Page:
Workers who are at risk for airborne health hazards — including public health professionals — need better guidance on how to protect themselves, a recent report says.

Released in February by the National Academies of Sciences, Engineering and Medicine, the report calls for respiratory device frameworks that can be used to better protect workers from current and future airborne threats. Such information would help workers know which type of respiratory devices to use, how to use them and where to get them, according to “Frameworks for Protecting Workers and the Public from Inhalation Hazards.” 

“The COVID-19 pandemic, the threats of wildfire smoke and mold growth from flooding have made us well aware of the dangers in the air we breathe both indoors and outdoors and the possible harms to health,” Jonathan Samet, MD, MS, dean of the University of Colorado’s School of Public Health and chair of the committee that wrote the report, said in a news release.Health worker holds mask

While federal regulations that limit exposure to hazardous substances apply to most U.S. workers, it has long excluded others, leading to gaps. New frameworks should apply to all types of workers, including essential and gig economy employees, the report said.

Also, the public is in need of guidance, the report noted.

Changing guidance on respiratory devices — as was seen during the first two years of the COVID-19 pandemic — can lead to misinformation, according to Sarah Coefield, MS, MA, a report co-author and air quality specialist at Montana’s Missoula City-County Health Department. Health officials should work with the public to form centralized messages that are adaptable to community needs, she said.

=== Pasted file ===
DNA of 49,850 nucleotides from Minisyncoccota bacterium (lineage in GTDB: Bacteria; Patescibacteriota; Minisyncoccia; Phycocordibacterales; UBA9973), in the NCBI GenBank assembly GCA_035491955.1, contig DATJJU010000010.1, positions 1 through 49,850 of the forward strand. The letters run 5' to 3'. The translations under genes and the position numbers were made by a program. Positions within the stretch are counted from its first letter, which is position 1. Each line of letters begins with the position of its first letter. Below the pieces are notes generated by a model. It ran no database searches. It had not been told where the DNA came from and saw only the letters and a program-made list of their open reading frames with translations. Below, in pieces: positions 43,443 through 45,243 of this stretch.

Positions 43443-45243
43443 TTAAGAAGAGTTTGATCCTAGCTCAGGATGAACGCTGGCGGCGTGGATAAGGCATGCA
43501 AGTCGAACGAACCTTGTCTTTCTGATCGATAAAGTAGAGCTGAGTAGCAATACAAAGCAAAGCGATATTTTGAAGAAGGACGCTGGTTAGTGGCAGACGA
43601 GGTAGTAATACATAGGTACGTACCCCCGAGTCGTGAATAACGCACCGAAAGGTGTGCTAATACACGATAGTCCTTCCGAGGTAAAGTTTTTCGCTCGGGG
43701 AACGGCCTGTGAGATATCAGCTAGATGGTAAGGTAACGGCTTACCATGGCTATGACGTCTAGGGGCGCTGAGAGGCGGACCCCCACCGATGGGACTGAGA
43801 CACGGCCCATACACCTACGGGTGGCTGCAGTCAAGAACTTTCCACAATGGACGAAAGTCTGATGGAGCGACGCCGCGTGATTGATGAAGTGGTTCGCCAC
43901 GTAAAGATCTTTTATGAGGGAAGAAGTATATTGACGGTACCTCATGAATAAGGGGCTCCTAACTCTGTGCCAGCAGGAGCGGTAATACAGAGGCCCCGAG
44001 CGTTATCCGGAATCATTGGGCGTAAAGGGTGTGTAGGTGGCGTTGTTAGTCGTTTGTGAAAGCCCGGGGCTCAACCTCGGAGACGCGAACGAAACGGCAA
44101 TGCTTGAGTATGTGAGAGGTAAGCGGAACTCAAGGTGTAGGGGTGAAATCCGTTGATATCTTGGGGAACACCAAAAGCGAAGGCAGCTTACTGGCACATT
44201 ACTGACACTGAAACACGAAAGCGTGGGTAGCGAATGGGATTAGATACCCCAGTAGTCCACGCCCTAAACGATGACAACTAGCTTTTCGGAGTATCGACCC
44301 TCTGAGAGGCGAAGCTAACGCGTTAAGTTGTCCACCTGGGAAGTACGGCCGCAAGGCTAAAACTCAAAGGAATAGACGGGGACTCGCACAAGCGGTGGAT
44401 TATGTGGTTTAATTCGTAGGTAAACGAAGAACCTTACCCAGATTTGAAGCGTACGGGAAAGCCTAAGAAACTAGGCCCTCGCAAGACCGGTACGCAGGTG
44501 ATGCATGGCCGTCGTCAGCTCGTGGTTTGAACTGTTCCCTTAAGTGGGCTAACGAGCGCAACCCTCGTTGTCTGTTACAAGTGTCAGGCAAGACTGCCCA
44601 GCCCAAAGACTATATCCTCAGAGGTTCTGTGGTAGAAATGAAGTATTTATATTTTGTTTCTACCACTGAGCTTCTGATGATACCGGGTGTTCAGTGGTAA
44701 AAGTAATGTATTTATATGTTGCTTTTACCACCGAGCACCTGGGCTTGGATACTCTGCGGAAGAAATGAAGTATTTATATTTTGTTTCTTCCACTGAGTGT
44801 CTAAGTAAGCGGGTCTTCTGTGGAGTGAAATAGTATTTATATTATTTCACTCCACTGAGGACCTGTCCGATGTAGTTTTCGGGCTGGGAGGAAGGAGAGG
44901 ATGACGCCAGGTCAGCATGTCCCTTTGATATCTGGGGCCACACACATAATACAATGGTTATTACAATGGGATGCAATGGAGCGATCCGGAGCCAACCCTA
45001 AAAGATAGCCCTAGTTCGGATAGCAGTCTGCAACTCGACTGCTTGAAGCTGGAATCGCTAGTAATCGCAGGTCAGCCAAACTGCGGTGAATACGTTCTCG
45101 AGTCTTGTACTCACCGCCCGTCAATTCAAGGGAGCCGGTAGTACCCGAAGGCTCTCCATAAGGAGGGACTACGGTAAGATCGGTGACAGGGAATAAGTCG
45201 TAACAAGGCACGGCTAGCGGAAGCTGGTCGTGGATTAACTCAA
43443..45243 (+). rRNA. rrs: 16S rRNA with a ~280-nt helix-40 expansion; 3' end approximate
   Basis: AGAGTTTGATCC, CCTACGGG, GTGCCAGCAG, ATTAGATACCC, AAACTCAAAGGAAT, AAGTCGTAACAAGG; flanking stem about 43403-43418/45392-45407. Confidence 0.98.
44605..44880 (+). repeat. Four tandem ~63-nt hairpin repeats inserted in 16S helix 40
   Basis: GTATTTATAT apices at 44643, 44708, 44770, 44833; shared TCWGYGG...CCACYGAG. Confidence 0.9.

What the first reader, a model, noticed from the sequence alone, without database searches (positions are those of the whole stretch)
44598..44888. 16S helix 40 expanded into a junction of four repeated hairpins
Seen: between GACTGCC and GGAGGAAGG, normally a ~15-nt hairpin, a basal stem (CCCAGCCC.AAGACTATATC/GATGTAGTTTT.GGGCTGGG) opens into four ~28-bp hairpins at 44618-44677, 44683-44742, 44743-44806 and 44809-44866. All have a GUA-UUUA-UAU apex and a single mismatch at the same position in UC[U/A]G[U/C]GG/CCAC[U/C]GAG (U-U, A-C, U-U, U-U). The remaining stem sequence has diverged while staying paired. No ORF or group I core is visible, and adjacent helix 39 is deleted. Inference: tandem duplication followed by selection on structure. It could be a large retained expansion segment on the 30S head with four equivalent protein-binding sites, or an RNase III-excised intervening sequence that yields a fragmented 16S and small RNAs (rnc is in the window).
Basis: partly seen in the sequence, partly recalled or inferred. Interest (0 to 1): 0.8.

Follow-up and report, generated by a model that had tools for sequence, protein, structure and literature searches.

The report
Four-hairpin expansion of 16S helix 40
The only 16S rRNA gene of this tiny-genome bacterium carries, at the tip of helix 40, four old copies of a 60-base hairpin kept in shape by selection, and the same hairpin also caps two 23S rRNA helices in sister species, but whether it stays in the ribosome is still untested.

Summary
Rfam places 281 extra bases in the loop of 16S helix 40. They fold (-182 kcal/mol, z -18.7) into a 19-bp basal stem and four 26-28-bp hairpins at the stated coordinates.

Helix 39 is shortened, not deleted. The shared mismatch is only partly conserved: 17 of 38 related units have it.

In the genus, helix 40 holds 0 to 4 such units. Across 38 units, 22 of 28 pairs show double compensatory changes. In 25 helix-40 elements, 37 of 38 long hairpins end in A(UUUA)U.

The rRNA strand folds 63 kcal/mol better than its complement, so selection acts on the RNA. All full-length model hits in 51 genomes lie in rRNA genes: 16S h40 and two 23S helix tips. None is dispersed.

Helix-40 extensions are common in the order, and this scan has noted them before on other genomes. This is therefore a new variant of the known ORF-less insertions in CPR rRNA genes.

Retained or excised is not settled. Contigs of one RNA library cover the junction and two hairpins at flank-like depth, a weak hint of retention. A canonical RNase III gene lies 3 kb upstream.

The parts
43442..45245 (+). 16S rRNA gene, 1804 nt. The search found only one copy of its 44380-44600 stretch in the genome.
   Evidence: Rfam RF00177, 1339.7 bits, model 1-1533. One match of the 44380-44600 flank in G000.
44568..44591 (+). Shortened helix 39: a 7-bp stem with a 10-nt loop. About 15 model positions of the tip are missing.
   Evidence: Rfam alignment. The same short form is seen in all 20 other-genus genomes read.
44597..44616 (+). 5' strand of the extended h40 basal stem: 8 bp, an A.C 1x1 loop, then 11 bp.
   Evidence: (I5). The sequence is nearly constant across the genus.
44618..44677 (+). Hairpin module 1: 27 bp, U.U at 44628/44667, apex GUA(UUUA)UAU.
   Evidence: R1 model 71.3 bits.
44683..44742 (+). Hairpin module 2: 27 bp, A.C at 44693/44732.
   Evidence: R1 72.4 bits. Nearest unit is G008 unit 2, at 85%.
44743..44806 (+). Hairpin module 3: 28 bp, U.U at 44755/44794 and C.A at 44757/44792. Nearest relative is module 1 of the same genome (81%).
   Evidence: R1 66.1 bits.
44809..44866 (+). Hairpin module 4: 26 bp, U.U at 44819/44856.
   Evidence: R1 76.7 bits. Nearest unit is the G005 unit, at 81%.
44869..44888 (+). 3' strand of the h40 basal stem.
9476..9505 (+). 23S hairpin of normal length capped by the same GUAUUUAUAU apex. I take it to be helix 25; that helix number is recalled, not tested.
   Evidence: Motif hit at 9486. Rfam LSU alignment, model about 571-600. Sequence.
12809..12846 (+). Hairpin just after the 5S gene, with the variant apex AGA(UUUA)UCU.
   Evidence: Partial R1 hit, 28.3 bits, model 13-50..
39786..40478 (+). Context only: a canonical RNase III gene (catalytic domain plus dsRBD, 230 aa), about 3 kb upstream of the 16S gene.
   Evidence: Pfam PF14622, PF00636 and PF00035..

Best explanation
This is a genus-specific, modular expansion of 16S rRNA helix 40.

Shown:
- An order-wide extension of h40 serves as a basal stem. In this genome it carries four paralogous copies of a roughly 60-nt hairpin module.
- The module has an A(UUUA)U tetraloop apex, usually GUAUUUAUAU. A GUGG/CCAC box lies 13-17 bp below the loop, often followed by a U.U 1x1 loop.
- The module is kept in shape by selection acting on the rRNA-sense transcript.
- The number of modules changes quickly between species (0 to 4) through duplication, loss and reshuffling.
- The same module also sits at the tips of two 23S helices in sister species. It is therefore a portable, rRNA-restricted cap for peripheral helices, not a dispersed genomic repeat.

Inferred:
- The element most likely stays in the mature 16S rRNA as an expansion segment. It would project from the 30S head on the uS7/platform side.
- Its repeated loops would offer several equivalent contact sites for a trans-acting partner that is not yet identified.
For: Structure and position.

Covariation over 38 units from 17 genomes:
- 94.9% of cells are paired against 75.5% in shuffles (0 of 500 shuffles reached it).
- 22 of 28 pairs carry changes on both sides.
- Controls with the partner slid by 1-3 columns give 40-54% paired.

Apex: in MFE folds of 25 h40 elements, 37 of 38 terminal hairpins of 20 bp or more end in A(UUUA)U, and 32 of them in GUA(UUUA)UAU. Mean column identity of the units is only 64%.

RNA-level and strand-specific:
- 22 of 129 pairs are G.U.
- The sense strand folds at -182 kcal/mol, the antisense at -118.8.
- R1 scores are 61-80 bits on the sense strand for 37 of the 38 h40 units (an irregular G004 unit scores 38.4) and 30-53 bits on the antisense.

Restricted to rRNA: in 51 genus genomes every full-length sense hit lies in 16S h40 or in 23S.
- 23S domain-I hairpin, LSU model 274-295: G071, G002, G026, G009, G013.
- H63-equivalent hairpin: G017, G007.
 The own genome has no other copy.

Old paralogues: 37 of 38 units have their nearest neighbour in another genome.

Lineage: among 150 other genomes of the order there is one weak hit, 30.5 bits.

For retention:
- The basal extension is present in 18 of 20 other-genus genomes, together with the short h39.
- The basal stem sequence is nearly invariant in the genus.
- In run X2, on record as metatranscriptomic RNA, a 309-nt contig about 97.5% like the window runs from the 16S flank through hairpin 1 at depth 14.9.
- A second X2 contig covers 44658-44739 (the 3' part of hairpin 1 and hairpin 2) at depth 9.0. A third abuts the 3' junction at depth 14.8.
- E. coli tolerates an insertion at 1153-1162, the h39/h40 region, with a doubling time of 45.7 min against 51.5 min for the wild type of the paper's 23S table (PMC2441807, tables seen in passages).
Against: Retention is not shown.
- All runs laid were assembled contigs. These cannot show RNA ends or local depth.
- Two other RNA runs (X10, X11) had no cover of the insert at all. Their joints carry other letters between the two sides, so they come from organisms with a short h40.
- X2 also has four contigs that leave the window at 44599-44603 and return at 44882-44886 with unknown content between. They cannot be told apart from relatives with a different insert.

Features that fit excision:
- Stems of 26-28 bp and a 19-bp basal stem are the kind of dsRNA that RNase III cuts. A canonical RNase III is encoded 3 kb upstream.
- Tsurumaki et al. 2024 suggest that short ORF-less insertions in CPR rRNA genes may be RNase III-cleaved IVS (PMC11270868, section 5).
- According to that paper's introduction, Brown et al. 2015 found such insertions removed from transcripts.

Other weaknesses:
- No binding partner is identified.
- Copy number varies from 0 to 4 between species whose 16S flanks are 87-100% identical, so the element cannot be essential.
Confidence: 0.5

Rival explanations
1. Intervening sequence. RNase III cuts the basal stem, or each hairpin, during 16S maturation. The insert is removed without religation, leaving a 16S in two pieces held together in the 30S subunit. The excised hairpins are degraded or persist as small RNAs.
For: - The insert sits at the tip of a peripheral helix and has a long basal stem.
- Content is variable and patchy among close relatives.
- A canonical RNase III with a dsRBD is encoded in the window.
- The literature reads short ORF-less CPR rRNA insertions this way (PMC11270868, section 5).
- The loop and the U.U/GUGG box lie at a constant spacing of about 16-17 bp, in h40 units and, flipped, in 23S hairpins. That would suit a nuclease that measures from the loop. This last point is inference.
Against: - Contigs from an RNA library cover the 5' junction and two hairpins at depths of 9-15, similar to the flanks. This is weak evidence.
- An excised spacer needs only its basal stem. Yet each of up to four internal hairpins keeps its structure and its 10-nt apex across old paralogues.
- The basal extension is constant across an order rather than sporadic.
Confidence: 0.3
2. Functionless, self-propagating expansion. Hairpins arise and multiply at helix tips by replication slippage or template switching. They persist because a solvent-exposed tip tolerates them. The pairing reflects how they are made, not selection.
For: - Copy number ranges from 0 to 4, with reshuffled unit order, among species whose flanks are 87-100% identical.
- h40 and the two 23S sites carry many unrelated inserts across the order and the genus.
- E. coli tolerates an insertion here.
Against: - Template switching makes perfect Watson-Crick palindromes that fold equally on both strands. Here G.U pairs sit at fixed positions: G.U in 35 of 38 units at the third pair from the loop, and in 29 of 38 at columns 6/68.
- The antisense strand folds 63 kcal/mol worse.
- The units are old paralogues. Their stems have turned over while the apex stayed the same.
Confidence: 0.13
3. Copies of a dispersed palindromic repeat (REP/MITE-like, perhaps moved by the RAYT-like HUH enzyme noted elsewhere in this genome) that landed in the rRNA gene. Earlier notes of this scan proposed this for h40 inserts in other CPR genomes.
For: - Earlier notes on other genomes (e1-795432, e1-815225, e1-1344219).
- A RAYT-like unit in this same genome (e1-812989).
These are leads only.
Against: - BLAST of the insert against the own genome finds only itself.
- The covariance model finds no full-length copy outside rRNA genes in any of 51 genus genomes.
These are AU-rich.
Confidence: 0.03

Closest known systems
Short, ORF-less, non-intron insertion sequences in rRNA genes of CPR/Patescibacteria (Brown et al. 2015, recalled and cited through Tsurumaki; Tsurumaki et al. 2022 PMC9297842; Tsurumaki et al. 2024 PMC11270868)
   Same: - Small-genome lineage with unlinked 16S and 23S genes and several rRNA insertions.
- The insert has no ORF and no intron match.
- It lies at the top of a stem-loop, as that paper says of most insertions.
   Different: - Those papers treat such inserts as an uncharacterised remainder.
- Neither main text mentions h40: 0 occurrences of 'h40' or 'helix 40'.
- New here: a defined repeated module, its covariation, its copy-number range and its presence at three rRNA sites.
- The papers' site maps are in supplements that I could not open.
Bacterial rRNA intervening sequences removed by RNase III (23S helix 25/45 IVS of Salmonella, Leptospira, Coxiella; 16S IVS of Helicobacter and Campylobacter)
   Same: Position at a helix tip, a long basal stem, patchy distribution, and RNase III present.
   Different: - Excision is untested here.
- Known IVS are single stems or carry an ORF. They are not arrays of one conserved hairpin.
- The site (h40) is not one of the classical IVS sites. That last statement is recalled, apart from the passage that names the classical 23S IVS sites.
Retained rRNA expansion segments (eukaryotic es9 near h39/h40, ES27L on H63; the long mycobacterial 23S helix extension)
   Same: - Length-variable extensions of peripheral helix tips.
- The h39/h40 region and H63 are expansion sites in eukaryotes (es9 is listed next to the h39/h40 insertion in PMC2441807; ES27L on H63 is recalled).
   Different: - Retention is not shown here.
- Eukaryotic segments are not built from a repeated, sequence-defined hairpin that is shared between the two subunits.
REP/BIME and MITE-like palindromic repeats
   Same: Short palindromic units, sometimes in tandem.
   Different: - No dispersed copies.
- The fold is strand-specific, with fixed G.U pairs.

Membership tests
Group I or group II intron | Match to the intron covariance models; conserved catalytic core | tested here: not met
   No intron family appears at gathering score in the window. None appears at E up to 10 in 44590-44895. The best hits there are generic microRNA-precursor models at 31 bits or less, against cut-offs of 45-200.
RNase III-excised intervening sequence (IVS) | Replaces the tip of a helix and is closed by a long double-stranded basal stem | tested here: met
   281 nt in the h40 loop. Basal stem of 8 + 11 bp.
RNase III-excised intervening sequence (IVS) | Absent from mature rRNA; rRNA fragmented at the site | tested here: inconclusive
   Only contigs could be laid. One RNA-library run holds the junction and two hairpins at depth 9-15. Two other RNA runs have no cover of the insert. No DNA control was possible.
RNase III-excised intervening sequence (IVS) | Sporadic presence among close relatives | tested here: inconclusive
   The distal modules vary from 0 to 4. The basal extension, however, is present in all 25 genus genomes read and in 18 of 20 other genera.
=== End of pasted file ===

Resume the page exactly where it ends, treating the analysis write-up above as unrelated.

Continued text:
“We recognize that it is important that everyone in the public have access to meaningful guidance about respiratory protection,” Coefield said during a report release event. “Harmonizing the guidance from all the agencies who may be getting that information out about respiratory protection for the public and also making sure they’re gathering input on that guidance (is important).”

The report recommended that the U.S. Department of Labor oversee respiratory protections for workers, while the U.S. Department of Health and Human Services lead initiatives for the public.

HHS should develop and fund research on respiratory protective device effectiveness, including fit and breathability, the report recommended. More research should also be conducted on the needs of vulnerable populations, such as children, seniors and people with pre-existing health conditions, the authors said.
Communication on protective devices can be customized for vulnerable populations, Mary Rice, MD, MPH, a member of the committee and assistant professor of medicine at Harvard Medical School, said.

"Children and elderly adults with chronic diseases who have specific needs may require advice…that might be different from other members of the public,” Rice said during the release event.

The committee also highlighted problems with the respiratory protective device supply chain, which has affected access to masks and other devices during the pandemic. The authors suggested that federal agencies develop usage estimates and distribution guidelines to ensure the devices are available during emergencies. The availability of respiratory devices will become even more important in the U.S. because of health threats caused by climate change, they said.

The report was sponsored by the CDC Foundation, U.S. Department of State, U.S. Environmental Protection Agency and the National Institute for Occupational Safety and Health. 

Photo by Klaus Nielsen, courtesy Pexels